- The Washington Times - Monday, January 19, 2009

A few minutes before noon Tuesday, as Barack Obama is sworn in as the 44th president of the United States, the burden of the office will begin to lift from the shoulders of George W. Bush.

The entire day will be a jarring shift. Mr. Bush will wake up the commander in chief of the U.S. military and go to bed a Texas rancher.

He will still require taxpayer-funded motorcades to travel most places, at least for the first 10 years of his life out of the White House.

Mr. Bush will be the first U.S. president to lose Secret Service protection after a decade - under a law passed in 1997 - unless the Service judges that a serious threat to his safety still exists.

But there will be no more immediate access to a military helicopter. And no more Air Force One.

He will wake up Wednesday with no responsibilities, no meetings, no 8 a.m. national security briefings that makes the hair stand up on the back of his neck.

All of it will be gone. In its place will come a life dominated by a question that Mr. Bush’s predecessors have all grappled with: Now what?

“I’m a type-A personality, you know,” Mr. Bush said at his final press conference last week. “I just can’t envision myself, you know, the big straw hat and Hawaiian shirt sitting on some beach.”

In coming years, Mr. Bush will use his presidential library in Dallas as a launching pad to promote the central ideas of his presidency - namely his attempt to promote democracy in the Middle East and elsewhere - and to keep him involved in the national discussion.

He has said his first project will be to write a book defending his most difficult decisions.

“What’s evident to me is that it is very hard for people to remember what life was like a mere four or five years ago, and it’s going to be very important for me to re-create the environment in which I had to make certain decisions, particularly the environment right after September the 11th, 2001,” Mr. Bush said in a Jan. 11 interview with Fox News.

He and wife Laura will live in Dallas, rather than at their ranch in Crawford - Mrs. Bush’s choice. She has friends in Dallas, dating back to her days as an undergraduate at Southern Methodist University, where Mr. Bush’s presidential library will be built.

The National Archives and Records Administration, which owns all of Mr. Bush’s presidential records and is responsible for preserving them, already has shipped most of the documents, digital media and some 35,000 artifacts to a 60,000-square-foot storage facility in Lewisville, Texas.

The 14 truckloads and two planeloads will be kept at the Lewisville location until the library is built.

On his last morning as president, Mr. Bush will welcome Mr. Obama and his wife, Michelle, to the North Portico of the White House and have them in for coffee, along with Vice President-elect Joseph R. Biden Jr. and his wife, Jill, and congressional leaders who have overseen the inauguration planning.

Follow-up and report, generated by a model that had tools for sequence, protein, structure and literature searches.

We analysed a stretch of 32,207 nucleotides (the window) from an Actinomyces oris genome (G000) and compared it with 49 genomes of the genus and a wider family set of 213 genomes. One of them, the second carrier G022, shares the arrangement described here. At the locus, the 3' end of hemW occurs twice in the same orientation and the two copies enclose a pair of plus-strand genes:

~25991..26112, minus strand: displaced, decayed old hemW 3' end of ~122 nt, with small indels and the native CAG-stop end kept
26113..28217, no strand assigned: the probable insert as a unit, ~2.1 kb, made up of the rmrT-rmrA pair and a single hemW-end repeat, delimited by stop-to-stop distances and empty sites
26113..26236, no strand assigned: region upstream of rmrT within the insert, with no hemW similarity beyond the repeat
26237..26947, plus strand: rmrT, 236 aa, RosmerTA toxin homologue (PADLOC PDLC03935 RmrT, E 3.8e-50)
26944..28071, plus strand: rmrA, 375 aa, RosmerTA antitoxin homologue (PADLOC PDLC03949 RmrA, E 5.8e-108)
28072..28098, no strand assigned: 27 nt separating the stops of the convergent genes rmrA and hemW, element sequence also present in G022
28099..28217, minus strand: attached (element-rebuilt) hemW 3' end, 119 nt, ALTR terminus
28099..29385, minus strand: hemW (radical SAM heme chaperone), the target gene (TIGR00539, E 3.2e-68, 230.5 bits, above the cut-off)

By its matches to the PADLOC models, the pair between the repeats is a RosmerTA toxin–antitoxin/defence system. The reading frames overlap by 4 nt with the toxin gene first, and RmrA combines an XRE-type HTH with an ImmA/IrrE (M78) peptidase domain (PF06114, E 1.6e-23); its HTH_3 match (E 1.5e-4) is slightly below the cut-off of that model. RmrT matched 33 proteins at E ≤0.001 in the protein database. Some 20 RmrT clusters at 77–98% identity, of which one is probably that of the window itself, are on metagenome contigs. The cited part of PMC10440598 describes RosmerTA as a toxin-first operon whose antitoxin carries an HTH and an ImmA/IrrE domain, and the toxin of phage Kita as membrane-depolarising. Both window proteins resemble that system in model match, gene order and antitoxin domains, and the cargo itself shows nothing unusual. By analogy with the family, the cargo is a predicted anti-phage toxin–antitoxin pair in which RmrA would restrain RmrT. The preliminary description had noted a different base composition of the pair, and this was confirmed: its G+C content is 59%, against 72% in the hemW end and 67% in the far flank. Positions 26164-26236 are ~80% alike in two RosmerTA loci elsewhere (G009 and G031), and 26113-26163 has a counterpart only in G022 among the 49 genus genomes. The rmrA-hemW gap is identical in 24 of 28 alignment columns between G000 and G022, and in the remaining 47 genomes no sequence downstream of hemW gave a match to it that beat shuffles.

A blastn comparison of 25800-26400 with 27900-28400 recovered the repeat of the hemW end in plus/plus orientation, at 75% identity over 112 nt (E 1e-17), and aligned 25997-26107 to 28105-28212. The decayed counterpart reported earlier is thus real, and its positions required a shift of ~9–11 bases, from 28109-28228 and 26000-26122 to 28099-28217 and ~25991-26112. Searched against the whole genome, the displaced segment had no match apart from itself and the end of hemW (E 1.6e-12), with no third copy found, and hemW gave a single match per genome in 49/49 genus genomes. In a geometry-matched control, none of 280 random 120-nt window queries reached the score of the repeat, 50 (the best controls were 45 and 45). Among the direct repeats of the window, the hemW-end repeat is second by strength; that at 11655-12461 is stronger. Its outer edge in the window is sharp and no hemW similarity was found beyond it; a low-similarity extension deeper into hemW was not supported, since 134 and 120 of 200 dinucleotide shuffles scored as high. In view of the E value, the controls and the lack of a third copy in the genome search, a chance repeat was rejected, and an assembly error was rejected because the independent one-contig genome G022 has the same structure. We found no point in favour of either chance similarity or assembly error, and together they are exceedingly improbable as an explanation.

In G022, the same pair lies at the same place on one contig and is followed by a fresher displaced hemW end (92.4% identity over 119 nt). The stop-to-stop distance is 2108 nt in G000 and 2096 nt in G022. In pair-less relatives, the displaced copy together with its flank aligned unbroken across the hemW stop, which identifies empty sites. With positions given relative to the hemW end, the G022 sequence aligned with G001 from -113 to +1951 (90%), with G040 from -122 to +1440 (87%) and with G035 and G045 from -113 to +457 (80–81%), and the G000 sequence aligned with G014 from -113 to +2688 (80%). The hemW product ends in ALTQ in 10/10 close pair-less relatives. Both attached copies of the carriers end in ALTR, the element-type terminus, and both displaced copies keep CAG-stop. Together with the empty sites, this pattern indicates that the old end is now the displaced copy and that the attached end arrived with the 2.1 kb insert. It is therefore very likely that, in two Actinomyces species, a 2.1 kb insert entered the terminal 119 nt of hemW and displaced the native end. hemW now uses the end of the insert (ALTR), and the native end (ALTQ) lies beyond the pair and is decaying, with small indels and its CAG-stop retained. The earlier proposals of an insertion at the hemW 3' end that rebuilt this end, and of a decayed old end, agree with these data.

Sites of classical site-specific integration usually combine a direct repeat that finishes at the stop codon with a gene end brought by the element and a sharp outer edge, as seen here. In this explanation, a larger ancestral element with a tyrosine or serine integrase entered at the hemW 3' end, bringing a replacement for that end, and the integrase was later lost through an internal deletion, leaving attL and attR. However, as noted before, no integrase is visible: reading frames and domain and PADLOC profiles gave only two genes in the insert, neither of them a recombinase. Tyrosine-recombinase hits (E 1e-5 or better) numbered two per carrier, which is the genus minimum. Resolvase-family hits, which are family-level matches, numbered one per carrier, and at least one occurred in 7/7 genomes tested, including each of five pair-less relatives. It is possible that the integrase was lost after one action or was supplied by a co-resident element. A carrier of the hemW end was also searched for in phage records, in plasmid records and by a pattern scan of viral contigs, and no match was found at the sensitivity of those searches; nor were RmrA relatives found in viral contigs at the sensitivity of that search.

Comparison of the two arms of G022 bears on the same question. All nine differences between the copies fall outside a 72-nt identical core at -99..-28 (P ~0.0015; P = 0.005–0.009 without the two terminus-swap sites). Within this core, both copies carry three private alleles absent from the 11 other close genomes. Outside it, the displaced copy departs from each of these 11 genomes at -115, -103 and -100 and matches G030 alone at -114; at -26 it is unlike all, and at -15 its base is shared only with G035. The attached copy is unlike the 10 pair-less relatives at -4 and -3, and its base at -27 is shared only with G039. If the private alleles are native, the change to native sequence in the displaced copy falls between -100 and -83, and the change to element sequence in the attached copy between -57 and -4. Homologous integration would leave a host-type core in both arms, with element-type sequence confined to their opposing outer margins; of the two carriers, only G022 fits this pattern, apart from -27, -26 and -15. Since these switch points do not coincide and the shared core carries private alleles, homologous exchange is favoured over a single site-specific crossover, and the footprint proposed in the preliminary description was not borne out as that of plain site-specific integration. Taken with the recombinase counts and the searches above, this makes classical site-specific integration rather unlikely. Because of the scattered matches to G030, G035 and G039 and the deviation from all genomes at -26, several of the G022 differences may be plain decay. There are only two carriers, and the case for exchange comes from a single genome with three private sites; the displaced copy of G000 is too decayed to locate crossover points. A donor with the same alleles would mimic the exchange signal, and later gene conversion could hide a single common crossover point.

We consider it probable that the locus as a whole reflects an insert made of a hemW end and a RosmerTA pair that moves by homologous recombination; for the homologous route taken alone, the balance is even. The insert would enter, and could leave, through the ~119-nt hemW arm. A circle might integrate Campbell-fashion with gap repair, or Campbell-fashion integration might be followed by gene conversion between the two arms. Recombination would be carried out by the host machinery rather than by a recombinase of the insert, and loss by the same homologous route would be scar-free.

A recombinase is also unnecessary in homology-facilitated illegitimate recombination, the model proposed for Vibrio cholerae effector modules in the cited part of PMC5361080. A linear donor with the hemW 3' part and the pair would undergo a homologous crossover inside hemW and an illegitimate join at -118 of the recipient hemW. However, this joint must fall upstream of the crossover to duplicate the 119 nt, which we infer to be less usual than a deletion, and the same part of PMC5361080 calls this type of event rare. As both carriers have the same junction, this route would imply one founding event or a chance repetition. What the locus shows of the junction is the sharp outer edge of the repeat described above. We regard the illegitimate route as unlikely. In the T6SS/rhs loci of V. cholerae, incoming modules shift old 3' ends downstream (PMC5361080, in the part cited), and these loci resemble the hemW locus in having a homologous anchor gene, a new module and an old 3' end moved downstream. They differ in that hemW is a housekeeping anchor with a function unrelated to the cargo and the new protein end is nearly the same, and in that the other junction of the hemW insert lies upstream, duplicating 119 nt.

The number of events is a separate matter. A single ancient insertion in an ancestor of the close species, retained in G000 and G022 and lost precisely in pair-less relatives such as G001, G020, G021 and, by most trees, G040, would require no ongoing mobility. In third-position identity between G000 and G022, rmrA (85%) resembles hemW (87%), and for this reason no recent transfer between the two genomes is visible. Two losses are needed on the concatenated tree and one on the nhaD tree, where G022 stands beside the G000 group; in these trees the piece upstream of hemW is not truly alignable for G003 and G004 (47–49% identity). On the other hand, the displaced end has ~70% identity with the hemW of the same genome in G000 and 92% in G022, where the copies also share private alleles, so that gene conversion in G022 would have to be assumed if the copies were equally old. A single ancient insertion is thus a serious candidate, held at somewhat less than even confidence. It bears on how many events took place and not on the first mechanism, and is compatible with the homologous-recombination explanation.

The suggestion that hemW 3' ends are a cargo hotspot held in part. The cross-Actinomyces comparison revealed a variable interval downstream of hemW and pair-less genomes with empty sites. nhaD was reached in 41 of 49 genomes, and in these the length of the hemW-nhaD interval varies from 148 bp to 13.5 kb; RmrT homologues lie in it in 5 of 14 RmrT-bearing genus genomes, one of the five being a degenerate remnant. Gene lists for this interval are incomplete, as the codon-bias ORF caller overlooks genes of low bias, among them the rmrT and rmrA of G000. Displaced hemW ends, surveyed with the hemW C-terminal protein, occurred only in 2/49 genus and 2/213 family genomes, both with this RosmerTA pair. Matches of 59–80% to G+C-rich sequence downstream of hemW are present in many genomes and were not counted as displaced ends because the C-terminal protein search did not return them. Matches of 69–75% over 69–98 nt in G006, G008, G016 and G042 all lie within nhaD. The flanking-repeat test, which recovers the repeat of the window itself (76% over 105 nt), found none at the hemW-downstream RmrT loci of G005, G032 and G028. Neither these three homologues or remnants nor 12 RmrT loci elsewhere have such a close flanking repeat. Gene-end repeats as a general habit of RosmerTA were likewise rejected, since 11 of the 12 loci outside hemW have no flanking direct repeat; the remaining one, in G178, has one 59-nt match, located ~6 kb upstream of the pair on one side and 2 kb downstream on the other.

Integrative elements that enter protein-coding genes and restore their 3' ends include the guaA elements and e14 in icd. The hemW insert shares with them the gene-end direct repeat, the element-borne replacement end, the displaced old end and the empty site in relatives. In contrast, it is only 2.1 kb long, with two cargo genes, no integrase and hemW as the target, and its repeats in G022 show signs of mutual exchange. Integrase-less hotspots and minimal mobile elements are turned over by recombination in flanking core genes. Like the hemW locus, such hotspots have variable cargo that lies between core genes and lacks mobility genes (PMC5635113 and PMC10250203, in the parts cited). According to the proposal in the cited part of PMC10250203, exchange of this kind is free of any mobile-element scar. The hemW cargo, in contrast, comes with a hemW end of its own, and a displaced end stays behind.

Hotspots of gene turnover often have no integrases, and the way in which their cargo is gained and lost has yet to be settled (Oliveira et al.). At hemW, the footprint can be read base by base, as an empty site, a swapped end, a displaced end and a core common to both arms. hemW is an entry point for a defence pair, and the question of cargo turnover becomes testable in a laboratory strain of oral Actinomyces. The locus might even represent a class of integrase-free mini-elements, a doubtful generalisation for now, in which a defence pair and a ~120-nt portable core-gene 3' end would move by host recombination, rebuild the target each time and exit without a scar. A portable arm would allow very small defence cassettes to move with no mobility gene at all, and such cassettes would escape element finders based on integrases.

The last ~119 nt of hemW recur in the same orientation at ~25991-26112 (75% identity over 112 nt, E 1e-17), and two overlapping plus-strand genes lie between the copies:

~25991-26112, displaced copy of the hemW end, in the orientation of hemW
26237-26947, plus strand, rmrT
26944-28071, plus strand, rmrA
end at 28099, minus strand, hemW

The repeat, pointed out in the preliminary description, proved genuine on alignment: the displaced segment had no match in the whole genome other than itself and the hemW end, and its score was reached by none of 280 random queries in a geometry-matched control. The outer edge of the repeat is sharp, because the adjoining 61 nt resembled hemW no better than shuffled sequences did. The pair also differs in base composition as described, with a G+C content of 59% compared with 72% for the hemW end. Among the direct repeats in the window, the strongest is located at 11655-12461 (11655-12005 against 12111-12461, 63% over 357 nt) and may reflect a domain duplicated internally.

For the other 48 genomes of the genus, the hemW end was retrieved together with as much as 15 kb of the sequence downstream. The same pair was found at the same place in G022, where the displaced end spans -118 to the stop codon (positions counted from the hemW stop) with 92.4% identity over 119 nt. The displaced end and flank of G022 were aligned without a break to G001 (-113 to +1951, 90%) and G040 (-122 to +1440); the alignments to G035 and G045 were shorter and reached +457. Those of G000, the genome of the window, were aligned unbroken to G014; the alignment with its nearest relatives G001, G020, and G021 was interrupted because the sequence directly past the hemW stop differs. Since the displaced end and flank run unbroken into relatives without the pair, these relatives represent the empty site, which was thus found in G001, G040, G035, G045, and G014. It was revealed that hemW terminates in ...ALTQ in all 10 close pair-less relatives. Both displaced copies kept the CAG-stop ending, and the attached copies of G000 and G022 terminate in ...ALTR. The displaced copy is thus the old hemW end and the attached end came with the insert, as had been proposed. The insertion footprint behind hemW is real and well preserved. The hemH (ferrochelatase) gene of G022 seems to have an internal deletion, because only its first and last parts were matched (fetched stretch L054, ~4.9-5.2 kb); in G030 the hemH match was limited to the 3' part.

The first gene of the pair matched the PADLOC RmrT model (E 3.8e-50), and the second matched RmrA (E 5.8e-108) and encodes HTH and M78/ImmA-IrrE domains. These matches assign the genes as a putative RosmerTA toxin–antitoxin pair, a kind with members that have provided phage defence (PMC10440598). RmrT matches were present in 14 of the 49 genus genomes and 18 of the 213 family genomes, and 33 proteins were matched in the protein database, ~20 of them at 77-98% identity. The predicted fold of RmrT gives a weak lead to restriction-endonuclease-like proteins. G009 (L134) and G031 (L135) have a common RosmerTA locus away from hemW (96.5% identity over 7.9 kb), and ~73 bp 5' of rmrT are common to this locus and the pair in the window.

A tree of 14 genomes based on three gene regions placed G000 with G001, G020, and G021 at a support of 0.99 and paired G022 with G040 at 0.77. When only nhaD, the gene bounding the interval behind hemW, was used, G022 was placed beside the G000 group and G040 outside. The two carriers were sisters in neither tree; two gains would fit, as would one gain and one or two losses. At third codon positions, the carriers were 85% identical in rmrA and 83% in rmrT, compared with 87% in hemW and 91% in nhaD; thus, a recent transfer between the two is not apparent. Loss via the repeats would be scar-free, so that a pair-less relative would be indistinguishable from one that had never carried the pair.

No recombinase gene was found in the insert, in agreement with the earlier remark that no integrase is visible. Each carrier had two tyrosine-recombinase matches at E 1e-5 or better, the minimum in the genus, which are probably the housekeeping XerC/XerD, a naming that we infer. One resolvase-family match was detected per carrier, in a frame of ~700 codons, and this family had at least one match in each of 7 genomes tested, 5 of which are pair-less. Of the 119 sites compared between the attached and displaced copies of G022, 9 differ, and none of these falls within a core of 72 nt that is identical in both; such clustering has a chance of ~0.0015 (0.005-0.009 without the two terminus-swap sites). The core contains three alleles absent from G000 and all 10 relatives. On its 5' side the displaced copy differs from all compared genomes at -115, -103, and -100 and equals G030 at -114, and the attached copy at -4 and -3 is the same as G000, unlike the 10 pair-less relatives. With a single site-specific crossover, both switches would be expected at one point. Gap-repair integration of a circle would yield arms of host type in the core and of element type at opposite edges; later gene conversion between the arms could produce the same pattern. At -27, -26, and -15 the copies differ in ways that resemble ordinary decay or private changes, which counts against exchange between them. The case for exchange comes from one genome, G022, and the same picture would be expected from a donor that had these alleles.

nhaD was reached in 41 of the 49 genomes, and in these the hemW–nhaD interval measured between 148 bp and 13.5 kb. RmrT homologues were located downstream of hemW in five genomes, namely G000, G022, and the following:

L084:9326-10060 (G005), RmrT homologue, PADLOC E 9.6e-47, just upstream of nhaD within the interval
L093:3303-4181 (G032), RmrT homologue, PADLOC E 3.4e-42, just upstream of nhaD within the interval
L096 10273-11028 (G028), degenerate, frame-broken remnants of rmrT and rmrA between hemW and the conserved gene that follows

About an hour before noon, the Bushes will ride together with the Obamas from the White House to the Capitol for the inaugural ceremony.

Once Mr. Obama concludes his inaugural address, the Obamas will see the Bushes to the east steps of the Capitol, where the former president will take one last ride on the Marine One helicopter. The Bushes will go to Andrew Air Force Base for a private goodbye with former staff, and after a departure ceremony, Mr. Bush will begin his final flight on Air Force One.

Mr. Bush’s flight home will have two legs. He and Mrs. Bush will fly first to the president’s hometown of Midland, Texas, where they will participate in a “welcome home” event. Then they’ll fly to Crawford and go to their ranch.

Mr. Bush’s parents, President George H.W. Bush and Barbara, his twin daughters Jenna Hager and Barbara, and a small group of his closest advisers and friends will fly with him and Mrs. Bush from Washington to Texas. The Bush White House, secretive to the very end, would not release the names of all the people traveling home with Mr. Bush.

They did confirm that chief of staff Josh Bolten, former chief of staff Andrew Card, deputy chief of staff Joel Kaplan, deputy chief of staff Blake Gottesman, former deputy chief of staff Joe Hagin, and Donald L. Evans, a former Commerce secretary and close friend of the president, would be on board.

And the president has invited a few staffers to join up with him in Midland - after guests from the first leg of the flight get off Air Force One - and to fly with him to Crawford.

Mr. Hagin, who served as deputy chief of staff for the entire Bush presidency until he left over the summer, will be one of two members of the Bush political family to fly on the final Air Force One flight with both Mr. Bush and his father.

Mr. Hagin and Mr. Card flew on George H.W. Bush’s final flight to Houston on Jan. 20, 1993, and both will be on board with his son Tuesday.

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